1. In a meat-cutter, the combination with a cylinder, feed-screw, and two perforated plates located beyond the outer end of the feed-screw and s )aced apart, of a knife rotatable between the perforated plates having blades17b operating against the outer perforated plate, and separate blades 17*l operating against the inner perforated plate, said blades 17 being disposed at an angle to said inner plate rearward with respect to the rotation of the knife and having its rear edge a slight distance from the outer plate to leave a space between said blades and said outer plate, whereby the blades 17a cut the meat from the inner plate and feed it against the outer plate for the operation of the blades 17h, as herein shown and described.
2. ln a meat-cutter, the combination with the cylinder and feed-screw, the latter having a squared gudgeon the outer portion of which is flattened at the corners, a knife mounted on the inner portion of said gudgeen, a perforated plate let into the end of the cylinder and forming a bearing for the outer portion of the gudgeon beyond which bearing said gudgeon projects a slight distance, a rotary knife having at its inner side a s uare socket adapted t0 receive the end of t e gudgeon and at its outer side a pro` jecting spindle, a perforated plate having an opening through which the spindle projects, and means on the outer end of the spindle for locking the knife and perforated plate together7 together with means for adjusting the perforated plates, substantially as shown and described.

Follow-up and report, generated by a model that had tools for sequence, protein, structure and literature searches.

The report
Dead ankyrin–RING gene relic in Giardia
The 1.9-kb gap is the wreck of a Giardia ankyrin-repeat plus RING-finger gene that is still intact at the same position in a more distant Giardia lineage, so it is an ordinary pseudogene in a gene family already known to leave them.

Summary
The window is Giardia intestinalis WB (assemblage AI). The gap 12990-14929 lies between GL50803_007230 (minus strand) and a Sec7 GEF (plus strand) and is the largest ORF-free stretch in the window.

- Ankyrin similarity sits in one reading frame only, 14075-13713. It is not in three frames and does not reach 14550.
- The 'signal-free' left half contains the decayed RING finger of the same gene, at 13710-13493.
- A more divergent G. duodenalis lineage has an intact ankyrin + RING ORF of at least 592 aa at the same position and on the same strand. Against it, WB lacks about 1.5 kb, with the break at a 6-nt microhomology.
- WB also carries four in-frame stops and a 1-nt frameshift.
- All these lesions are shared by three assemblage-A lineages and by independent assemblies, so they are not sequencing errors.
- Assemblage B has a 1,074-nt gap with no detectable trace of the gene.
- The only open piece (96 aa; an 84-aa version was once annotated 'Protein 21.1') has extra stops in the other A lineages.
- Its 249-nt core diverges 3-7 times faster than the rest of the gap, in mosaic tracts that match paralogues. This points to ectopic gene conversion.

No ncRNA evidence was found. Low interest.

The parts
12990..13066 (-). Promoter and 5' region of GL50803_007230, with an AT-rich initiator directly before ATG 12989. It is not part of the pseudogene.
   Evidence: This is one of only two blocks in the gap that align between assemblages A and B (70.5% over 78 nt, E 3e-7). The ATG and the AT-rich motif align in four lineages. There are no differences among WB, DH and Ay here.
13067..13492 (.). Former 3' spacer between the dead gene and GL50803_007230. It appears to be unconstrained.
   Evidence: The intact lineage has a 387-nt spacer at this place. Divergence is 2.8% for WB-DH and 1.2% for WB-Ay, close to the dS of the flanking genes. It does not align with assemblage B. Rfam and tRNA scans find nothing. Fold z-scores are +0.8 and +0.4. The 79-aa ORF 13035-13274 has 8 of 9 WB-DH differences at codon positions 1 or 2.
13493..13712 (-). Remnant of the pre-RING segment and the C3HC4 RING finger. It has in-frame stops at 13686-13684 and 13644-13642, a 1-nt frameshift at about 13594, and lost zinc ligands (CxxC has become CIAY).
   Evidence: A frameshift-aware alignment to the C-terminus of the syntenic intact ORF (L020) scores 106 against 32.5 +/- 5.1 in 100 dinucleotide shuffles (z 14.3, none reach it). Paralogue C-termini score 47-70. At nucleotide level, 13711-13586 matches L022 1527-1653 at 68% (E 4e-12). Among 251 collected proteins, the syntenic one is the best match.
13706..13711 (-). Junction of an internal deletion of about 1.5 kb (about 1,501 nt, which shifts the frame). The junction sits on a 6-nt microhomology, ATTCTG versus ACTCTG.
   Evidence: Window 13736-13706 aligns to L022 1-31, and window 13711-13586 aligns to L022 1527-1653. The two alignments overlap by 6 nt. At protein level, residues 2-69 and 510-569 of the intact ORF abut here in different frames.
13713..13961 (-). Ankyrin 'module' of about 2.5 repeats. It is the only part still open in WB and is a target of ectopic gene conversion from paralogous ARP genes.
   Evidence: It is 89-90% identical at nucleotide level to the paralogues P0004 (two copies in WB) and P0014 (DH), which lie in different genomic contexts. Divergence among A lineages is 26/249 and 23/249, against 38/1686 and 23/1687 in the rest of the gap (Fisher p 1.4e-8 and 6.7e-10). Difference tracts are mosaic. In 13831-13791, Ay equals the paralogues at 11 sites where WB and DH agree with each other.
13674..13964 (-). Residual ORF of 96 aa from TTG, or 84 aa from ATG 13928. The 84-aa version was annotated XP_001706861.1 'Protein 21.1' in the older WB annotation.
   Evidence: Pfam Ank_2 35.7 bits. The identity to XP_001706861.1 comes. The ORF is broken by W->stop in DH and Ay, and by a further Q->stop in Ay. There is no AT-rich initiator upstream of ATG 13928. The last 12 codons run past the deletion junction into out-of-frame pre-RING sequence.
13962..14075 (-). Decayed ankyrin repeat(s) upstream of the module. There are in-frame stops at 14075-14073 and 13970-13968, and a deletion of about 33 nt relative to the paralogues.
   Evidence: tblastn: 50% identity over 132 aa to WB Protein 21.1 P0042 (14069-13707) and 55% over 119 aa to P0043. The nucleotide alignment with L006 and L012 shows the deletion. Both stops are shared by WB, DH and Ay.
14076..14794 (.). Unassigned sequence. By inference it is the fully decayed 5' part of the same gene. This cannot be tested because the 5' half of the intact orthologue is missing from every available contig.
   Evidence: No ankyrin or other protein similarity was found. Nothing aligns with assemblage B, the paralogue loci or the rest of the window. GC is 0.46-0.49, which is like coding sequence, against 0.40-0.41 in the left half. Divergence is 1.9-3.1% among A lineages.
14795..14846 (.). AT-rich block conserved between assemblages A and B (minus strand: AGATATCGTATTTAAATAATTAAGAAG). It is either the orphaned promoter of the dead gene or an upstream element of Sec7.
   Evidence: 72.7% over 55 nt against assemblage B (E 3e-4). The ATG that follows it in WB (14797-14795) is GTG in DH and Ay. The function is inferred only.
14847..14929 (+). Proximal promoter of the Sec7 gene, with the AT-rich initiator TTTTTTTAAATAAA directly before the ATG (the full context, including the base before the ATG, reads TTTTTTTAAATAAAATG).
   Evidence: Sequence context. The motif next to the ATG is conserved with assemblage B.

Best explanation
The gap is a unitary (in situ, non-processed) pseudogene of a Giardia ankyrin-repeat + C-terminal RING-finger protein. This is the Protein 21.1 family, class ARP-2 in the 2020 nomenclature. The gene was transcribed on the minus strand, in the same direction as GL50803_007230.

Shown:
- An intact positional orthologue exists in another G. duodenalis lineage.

3. In a meat-cutter, the combination with the cylinder and removable perforated plate adaptedto iit into the end of the same said plate having tapering perforations, of three pins spaced at different distances apart on one of said parts, and recesses or perforations in the other part correspondingly spaced FRANK BARTZ.
D. M. HURLBURT, L. G. HoLLANDs.